News of the presence of Immigration and Customs Enforcement (ICE) in Canadian last weekend ricocheted through town, causing alarm among many of the community’s residents, particularly those who are undocumented.
On Monday, Hemphill County Sheriff Nathan Lewis confirmed the presence of ICE arrests here, saying he had spoken with the immigration agents. “They are seeking fugitives that have committed felony crimes and been legally deported before, but re-entered the country illegally,” Lewis said.
While he did not know how many local residents had been detained, he said, “There are several here that are convicted felons,” but added, “The only reason for anyone [else] to be worried” would be if they have a criminal record.
At least one local resident was picked up here in what ICE reported was a “specifically targeted” enforcement action, focused on foreign nationals with criminal convictions. However, relatives of another man living here reported that he had been detained by ICE agents, as well, but insisted that he had no criminal record.
A news release from ICE detailing the operation reported that 75 criminal aliens “and others” were arrested. The possibility of secondary arrests is noted later in the report: “During the targeted enforcement operations, ICE officers frequently encounter other aliens illegally present in the United States. They are evaluated on a case-by-case basis and, when appropriate, they are arrested by ICE officers.”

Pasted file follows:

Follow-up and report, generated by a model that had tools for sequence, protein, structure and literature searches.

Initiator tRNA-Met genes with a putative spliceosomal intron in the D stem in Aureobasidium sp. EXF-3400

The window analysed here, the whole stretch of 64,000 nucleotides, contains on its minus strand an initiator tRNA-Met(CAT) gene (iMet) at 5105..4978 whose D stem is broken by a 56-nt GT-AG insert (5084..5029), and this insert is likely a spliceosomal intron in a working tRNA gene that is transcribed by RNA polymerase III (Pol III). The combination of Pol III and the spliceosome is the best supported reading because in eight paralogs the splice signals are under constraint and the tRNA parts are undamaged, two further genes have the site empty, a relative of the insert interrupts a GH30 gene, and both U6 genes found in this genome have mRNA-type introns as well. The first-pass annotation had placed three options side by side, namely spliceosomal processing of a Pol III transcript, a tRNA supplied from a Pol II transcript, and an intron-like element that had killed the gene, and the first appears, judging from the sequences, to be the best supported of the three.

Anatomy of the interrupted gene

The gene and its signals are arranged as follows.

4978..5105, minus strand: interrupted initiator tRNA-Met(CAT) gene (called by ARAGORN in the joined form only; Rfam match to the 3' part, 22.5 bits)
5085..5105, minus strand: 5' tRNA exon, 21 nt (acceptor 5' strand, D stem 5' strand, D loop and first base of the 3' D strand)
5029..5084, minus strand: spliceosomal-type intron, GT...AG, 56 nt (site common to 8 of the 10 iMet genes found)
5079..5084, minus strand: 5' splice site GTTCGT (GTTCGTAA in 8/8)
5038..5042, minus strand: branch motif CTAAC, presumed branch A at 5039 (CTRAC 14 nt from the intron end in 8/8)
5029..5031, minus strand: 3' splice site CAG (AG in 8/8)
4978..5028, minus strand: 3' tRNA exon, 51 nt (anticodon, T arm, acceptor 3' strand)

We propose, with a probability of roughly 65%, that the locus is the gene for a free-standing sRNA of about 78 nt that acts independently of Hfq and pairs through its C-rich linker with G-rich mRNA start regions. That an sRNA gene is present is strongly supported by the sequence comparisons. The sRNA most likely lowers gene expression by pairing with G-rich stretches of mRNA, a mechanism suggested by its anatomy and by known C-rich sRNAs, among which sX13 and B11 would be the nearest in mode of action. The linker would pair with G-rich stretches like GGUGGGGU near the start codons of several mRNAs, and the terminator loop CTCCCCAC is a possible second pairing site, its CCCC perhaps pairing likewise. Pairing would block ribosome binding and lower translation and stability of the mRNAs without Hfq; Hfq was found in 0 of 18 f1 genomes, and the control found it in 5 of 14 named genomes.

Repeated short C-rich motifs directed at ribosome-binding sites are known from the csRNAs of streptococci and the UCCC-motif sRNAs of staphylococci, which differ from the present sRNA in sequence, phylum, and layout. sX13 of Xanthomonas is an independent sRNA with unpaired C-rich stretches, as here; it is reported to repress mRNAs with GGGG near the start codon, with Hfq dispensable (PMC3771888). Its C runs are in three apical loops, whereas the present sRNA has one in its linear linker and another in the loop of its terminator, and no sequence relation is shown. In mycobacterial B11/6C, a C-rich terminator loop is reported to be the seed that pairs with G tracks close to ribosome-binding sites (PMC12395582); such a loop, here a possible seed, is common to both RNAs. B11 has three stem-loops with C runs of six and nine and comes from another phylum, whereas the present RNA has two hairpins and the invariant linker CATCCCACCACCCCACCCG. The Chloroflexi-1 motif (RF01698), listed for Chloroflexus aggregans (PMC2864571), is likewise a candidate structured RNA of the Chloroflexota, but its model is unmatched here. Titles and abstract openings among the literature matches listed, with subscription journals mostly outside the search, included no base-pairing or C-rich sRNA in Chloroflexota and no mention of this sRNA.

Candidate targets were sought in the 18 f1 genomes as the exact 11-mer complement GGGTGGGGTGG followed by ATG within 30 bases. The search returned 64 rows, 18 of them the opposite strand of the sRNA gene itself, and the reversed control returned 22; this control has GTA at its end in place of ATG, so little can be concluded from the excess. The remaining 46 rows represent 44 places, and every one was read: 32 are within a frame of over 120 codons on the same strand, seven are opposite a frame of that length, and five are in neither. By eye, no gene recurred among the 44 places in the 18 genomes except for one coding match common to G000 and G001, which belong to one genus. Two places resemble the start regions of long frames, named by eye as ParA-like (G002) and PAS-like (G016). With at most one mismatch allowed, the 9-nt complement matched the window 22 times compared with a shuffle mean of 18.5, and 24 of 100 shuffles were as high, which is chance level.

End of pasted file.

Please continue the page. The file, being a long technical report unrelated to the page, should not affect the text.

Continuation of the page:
While some may have been caught off guard by the arrests—occurring this close to home—raids like this have been occurring for several years now.
A round of raids conducted in February across the country—mostly in urban areas—resulted in the apprehension of 680 undocumented immigrants, 75 percent of them with criminal histories. That month, ICE released a Fact Sheet detailing enforcement operations that occurred between 2011 and 2015, including 2,059 arrests nationwide in 2015, 1,660 in 2013, 4,100 in 2012 and 5,300 arrests in 2011. Examples were also offered of local fugitive operations directed by smaller field offices, which generate their own target lists.
President Donald Trump has promised to arrest and deport as many as 11.3 million undocumented immigrants—a number he has more recently lowered to 3 million—in two years.
COURTESY PHOTO PROVIDED BY ICE